Rewilding takes root in architecture
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What if our concrete jungles became more jungle and less concrete?
That’s the concept of rewilding, the architectural practice of reintroducing nature into our cities. It’s an approach that goes beyond rooftop gardens and potted plants in office lobbies. Rewilding takes biophilic design, the practice of bringing in the outside in, a step further by seamlessly blending the natural and built environments. Structures are greener with plant life, creating healthier spaces for people and the planet. More natural light and ventilation are incorporated, as well, reports ARCHITECT in a comprehensive feature.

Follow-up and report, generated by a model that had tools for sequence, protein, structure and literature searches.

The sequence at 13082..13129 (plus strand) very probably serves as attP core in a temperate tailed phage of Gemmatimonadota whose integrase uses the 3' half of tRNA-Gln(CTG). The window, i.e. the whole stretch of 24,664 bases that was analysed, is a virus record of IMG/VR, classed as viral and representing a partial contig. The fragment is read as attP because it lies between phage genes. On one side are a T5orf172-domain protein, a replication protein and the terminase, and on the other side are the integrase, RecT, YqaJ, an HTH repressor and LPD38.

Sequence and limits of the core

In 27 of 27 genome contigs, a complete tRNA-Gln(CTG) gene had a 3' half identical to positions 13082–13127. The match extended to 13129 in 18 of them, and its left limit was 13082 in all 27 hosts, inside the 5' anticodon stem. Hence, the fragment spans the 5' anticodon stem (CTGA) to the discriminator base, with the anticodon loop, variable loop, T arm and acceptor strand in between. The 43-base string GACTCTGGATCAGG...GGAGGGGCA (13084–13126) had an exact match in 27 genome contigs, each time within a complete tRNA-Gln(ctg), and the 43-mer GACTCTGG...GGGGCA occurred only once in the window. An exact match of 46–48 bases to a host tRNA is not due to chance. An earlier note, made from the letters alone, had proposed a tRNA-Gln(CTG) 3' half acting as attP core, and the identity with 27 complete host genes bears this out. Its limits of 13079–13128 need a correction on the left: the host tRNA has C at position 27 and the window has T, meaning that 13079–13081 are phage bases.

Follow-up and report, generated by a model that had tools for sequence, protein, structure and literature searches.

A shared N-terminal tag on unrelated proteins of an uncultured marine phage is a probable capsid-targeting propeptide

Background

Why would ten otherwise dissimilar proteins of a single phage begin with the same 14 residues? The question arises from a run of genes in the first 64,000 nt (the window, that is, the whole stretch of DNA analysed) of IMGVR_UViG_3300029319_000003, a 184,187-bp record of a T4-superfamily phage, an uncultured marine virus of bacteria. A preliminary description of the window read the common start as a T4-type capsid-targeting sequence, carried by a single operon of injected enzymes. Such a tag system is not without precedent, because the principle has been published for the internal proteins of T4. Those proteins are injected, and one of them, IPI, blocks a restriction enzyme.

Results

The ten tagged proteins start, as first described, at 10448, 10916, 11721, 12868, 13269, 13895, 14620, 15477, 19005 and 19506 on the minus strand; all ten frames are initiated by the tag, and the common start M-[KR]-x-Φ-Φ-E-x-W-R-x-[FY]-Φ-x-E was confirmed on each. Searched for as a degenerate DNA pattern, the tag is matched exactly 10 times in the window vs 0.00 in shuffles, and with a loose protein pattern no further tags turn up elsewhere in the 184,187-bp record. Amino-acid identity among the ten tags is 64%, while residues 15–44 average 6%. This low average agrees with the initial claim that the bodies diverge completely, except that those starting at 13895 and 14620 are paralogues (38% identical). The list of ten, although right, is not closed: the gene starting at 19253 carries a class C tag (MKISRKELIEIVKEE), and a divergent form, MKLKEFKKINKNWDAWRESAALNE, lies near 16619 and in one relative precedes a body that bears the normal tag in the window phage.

Done correctly, rewilding can lure workers back to the office.
“There is evidence that nature helps people be more attached to place and have pride in their building’s neighborhood. These are important things for companies trying to get workers back to the office; offering more access to nature might help employees want to come back,” says Angela Loder, author and vice president of research at the WELL Building Institute, in a Q&A with ARCHITECT.
Propane amenities such as firepits, fireplaces and patio heaters complement the movement by creating outdoor spaces that can be used well into the fall. Rooftop terraces, balconies and other common areas heated by propane provide employees spaces where they can recharge, engage with others and breathe fresh air.